However, Legend of Zelda: Skyward Sword was not without its faults, and if the previous game seemed like it took a while to get going in the plot department then this one is an absolute crawl. The story is a prequel to every other Zelda game that has come before (and after) it, and so it has a *lot* of set up and a slightly odd setting for the franchise. For instance, there's no Hyrule overworld because it doesn't exist yet, instead we have a massive expanse of sky and islands in Skyloft, which is accessed not by foot or on the back of a horse but by calling for your trusty ‘loftwing’ riding-bird. Once the story gets going though it’s actually very engaging and has some *fantastic* cut scenes for a Zelda game. The set-up for the main characters and world pay off in the end too and it creates a nice book-end tale right at the start of the series, which helps to put a lot of previous entries into more context. The major problem with Legend of Zelda: Skyward Sword though is in its pacing and padding, as there are only really a few smallish areas and a few temples that you are asked to revisit several times over. Towards the end of the game it is not uncommon to feel fatigued as you are asked to fight the same boss for the third time and save the forest region again!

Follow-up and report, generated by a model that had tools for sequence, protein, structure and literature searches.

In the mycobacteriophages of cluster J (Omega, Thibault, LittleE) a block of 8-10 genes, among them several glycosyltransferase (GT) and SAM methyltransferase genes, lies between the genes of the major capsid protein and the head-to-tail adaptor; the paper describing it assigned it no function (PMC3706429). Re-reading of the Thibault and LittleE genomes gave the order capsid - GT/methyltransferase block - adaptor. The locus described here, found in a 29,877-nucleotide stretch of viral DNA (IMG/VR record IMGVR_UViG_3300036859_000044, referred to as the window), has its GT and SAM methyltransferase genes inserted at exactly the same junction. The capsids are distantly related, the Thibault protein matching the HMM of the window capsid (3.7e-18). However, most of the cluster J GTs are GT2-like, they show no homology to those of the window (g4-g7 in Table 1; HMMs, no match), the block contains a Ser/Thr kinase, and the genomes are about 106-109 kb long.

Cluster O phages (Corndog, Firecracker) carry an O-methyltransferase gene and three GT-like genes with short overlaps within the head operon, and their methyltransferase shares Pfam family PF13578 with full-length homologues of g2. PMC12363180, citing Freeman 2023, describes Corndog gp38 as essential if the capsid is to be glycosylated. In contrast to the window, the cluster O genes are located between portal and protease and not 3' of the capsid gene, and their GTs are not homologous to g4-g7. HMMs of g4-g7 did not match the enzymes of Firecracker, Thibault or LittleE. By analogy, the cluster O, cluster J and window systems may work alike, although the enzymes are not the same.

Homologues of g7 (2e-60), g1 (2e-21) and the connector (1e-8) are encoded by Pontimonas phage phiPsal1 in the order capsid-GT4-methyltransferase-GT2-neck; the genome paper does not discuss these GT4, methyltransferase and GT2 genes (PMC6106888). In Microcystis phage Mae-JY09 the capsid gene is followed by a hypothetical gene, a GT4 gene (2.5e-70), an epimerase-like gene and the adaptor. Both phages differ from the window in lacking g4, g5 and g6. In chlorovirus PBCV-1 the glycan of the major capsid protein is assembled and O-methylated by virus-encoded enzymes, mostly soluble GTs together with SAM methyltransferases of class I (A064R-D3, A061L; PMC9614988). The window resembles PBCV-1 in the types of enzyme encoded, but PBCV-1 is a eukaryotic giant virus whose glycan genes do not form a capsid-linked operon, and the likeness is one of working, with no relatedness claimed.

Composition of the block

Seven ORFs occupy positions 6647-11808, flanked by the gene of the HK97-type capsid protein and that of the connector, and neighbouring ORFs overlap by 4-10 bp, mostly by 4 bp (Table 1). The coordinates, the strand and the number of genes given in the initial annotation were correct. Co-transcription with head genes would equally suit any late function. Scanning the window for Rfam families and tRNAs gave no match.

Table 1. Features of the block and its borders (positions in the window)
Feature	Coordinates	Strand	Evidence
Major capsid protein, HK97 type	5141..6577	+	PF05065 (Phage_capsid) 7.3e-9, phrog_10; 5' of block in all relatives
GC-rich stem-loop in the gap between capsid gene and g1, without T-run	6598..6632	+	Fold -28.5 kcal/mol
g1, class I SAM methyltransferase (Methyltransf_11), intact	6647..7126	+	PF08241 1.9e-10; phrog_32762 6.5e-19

Luckily, the outstanding quality of actually playing the game as well as the visual splendour on display in its painterly design override these faults to a large extent and Legend of Zelda: Skyward Sword is still an excellent video game. Special mention must also go to the soundtrack of this game as it is simply amazing, one of the best in my opinion, especially the iconic ‘Ballad of the Goddess’ from the trailers and used in many cutscenes. This game is the first time that a Zelda entry has had a full orchestral score and it really adds something to the feel and impact of the story.
|Legend of Zelda: Skyward Sword was innovative, beautiful, and one of the best videogames released that year. It’s a strong entry in the Zelda series, and while it might not be the vest best, especially as you slog your way towards the end, it’s certainly worth paying and recommended to every Zelda fan.|